Blog Series: Can an Asset also be a Liability? Let’s Talk About SAP Asset Retirement Obligation Management (AROM) (Part 1) Details on how AROs work in SAP Asset Retirement Obligation Management (AROM) (Part 2) Details on how AROM Integrates with the Lease Accounting Engine (LAE) (Part 3) How does AROM Integrate with the Accrual Engine (Part 4)
To continue with my ARO blog series, I wanted to now discuss the integration ARO has with the Accrual Engine (ACE). I’ll first go through a quick overview of what the accrual engine is intended to do and then discuss how it fits into the ARO solution.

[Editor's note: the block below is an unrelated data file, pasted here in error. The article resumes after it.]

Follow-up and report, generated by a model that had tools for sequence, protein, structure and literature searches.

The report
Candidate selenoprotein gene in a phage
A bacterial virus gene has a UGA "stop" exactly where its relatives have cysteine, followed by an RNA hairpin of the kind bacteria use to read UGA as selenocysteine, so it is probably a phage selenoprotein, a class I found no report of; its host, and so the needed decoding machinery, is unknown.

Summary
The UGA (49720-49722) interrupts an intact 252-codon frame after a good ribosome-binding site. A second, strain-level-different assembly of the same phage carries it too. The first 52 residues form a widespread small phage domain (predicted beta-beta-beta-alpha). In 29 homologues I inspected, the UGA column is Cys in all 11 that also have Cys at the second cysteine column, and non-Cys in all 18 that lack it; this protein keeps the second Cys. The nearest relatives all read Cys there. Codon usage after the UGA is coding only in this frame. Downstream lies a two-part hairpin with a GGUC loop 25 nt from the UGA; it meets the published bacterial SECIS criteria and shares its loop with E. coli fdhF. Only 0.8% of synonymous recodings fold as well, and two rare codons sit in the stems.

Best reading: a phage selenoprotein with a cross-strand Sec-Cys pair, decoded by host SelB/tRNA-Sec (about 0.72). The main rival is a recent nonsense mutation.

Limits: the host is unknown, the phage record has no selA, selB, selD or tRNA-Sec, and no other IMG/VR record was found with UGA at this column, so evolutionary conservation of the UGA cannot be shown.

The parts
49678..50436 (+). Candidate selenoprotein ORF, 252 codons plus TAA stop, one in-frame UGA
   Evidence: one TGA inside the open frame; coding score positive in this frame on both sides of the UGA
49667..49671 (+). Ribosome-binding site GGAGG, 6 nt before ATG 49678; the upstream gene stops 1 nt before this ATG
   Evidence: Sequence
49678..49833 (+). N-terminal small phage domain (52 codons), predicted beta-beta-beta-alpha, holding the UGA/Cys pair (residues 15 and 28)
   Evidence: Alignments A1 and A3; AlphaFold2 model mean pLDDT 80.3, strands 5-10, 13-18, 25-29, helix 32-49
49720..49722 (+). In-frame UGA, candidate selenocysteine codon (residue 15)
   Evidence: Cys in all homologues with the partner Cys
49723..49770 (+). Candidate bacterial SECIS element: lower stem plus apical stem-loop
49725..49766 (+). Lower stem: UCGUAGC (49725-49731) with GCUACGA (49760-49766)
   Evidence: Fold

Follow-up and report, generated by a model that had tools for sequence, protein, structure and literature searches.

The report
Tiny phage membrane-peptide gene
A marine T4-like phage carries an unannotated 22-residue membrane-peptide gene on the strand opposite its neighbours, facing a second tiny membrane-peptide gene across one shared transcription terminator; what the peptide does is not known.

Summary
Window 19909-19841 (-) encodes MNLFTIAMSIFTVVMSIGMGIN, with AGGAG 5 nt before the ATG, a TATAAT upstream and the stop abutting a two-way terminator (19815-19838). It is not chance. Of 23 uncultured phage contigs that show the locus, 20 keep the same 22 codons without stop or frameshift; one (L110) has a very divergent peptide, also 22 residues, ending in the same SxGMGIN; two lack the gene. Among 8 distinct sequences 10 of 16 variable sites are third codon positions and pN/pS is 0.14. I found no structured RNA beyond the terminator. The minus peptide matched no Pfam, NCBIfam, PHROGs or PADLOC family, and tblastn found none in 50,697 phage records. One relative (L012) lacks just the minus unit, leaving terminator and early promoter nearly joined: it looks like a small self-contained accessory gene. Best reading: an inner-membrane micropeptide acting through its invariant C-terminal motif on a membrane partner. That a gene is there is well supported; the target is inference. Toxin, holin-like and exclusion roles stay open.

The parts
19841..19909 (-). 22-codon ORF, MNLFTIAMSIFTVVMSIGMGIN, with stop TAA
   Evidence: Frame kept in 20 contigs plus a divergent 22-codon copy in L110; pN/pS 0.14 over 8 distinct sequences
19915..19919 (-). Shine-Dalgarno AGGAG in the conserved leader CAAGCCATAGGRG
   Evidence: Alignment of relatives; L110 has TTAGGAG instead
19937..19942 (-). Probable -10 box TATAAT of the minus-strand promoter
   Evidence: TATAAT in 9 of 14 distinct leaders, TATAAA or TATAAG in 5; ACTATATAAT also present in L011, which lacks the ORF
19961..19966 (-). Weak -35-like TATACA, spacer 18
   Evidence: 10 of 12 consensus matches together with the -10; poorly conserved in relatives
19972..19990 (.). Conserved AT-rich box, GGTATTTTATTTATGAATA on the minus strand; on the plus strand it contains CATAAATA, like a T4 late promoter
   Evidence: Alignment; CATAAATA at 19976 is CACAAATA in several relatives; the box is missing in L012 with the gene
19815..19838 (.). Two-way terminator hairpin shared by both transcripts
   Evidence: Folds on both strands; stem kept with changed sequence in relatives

The Accrual Engine was released back in 4.7 and functions as a separate ledger dedicated to accrual entries. It is a component of the GL but I don’t consider it to be a sub-module because it doesn’t have the functional depth that something like AP or AR has.
The accrual engine supports parallel valuations which comes in handy with the NewGL and ARO. It calculates the accruals based on the data that is entered and then manages the periodic postings to the GL. In addition to the GL postings, there are unique ACE documents that are created and managed directly within the accrual engine.